I’m wondering how much longer places are going to continue updating COVID data. I know we’ve had a few high profile cases lately but it has really fallen off the radar as most people just learn to live with it. At some point, we’ll stop counting and turn off all the lights and it will be over.
The good news is the cases continue to drop although it is a slow, gradual decline. Last week, I had 773,186 new cases. With the missing data added, the total rose to 801,338 which is still a 5% drop from the week before.
This past week, there were 683,165 newly reported cases but several states (North Carolina) have gaps in their reporting so that number will go up but will still be under the 801,338 from the week before. And it will likely be back to mid June levels as cases start to drop in the South.
Cases fell in 41 states last week. The four with big declines are places where there were missing days so the bulk of the declines were less than 20%. Again, consistent with what we’ve been seeing which is just a more slow gradual decline rather than the steep drops of earlier waves.
The biggest increases were in New Hampshire and Vermont which is odd but they are still at very low levels.
And we continue to see that number of cases in the South this year is well behind what happened there last year. It is worth showing one graph to illustrate this. Last summer, all five states in the Southeast peaked at 6000 or more cases (per million). This year, none of them got above 4000. I don’t have Louisiana on this graph but the story is the same there.
If I ignore the four states with the bulk of the missing days, the ten states with the fewest cases per million last week were Vermont, Maine, New Hampshire, DC, Washington, Idaho, Connecticut, Massachusetts, Oregon, Utah and Nebraska. Vermont, Maine, New Hampshire, Connecticut and Massachusetts were in the top 10 last year as well so this looks like a seasonal low for New England.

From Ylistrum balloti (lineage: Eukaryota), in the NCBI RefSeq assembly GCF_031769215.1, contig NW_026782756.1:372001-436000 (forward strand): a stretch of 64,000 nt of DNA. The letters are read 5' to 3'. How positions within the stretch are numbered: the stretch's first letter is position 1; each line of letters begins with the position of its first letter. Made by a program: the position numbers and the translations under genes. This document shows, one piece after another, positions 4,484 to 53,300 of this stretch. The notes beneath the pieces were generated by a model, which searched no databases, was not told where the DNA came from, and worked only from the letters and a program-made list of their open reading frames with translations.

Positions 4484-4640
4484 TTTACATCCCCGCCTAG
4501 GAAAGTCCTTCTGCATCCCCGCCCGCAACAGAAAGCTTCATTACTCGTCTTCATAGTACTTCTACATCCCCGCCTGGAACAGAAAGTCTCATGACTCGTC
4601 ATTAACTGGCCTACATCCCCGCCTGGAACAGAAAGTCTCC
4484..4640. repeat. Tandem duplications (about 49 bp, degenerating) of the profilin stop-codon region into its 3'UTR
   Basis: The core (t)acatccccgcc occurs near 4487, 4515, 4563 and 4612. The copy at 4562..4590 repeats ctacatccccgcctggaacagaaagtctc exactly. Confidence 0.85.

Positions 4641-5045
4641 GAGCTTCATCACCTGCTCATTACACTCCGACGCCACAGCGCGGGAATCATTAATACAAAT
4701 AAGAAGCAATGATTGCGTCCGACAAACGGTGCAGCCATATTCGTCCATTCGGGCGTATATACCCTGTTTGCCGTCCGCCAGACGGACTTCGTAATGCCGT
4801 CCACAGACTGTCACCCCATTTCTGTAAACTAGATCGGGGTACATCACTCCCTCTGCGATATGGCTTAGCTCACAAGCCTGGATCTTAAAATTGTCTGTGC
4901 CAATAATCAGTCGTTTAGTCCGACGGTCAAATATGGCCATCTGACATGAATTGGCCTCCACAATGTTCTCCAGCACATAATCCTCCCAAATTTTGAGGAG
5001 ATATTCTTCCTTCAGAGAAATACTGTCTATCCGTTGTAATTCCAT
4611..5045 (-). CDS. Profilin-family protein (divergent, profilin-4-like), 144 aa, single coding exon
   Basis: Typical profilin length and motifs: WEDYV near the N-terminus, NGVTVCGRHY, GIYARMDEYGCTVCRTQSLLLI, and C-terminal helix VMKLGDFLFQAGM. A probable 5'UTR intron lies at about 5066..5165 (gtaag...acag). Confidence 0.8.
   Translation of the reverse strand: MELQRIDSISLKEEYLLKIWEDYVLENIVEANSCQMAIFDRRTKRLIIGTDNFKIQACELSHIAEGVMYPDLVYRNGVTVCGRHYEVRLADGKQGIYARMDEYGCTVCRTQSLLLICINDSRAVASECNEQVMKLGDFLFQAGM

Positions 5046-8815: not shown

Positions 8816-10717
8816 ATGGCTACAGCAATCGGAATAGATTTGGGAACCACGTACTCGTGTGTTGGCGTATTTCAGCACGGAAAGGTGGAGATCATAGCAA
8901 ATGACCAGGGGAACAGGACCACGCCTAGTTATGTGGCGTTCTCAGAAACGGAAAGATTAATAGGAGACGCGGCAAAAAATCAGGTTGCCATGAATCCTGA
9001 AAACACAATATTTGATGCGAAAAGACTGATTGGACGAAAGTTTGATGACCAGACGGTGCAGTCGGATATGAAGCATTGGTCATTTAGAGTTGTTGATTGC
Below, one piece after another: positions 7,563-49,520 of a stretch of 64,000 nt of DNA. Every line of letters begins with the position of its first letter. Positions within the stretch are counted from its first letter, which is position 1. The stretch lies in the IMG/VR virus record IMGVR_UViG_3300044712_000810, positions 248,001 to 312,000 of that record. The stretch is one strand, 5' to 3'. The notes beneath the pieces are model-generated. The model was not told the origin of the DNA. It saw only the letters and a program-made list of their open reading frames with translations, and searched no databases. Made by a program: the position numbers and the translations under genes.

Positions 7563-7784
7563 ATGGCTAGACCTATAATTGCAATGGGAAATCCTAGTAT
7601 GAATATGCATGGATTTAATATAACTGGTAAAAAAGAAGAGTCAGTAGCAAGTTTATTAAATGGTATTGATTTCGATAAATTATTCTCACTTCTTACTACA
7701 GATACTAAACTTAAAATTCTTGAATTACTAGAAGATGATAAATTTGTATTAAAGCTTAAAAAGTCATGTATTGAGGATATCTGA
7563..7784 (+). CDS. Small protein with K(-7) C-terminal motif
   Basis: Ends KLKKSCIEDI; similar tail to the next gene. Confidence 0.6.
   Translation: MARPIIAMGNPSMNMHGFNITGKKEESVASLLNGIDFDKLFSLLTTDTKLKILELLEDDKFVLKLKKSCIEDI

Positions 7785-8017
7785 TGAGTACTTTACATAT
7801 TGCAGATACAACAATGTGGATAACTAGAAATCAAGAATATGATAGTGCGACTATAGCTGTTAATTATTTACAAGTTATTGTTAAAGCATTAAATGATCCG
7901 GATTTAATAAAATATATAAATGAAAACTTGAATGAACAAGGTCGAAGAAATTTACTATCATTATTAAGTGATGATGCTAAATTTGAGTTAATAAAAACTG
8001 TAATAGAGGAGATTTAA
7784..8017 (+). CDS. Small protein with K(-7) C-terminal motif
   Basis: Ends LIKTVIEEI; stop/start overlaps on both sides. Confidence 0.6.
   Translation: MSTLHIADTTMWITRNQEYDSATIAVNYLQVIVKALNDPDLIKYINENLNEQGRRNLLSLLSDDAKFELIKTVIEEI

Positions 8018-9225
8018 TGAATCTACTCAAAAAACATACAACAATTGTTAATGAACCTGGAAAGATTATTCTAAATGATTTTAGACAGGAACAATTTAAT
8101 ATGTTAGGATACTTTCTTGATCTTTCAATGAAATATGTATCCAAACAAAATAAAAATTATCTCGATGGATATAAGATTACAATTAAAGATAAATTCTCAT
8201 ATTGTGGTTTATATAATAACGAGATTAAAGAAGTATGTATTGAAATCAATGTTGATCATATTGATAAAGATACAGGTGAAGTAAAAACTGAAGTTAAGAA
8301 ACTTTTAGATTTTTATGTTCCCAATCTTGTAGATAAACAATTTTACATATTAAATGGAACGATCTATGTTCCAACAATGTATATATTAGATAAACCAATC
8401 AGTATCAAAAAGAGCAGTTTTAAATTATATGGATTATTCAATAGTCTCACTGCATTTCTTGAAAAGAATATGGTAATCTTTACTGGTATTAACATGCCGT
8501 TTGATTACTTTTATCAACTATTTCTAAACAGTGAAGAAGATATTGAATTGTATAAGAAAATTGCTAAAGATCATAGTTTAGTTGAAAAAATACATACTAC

The ten with the highest number of cases per million were Kentucky, West Virginia, Mississippi, Alabama, Tennessee, Oklahoma, Alaska, South Carolina, Texas and Florida. Of those, Kentucky, Mississippi, Alabama, Tennessee, Oklahoma, South Carolina, Texas and Florida were in the top ten for most cases at this time last year as well. I know this point has been made before but I think it helps to keep showing it. Summer is a peak season for COVID in the south.
One last thing to note. The majority of states have lower cases this year than they did last year. The big exceptions right now are Michigan, North Dakota, Maryland, West Virginia, Pennsylvania, New Jersey and South Dakota. This is just increase over last year because some of the states here still have low totals. A few clusters but not sure if it means anything right now.
As we move into fall, we’d expect to see cases start to rise in a lot of places. That’s the next signal to look for. Right now, it seems like the summer wave is over in the South and they didn’t come close to what they saw last year. Cases are dropping slowly across most of the country. So we’ll see what happens as we move into fall.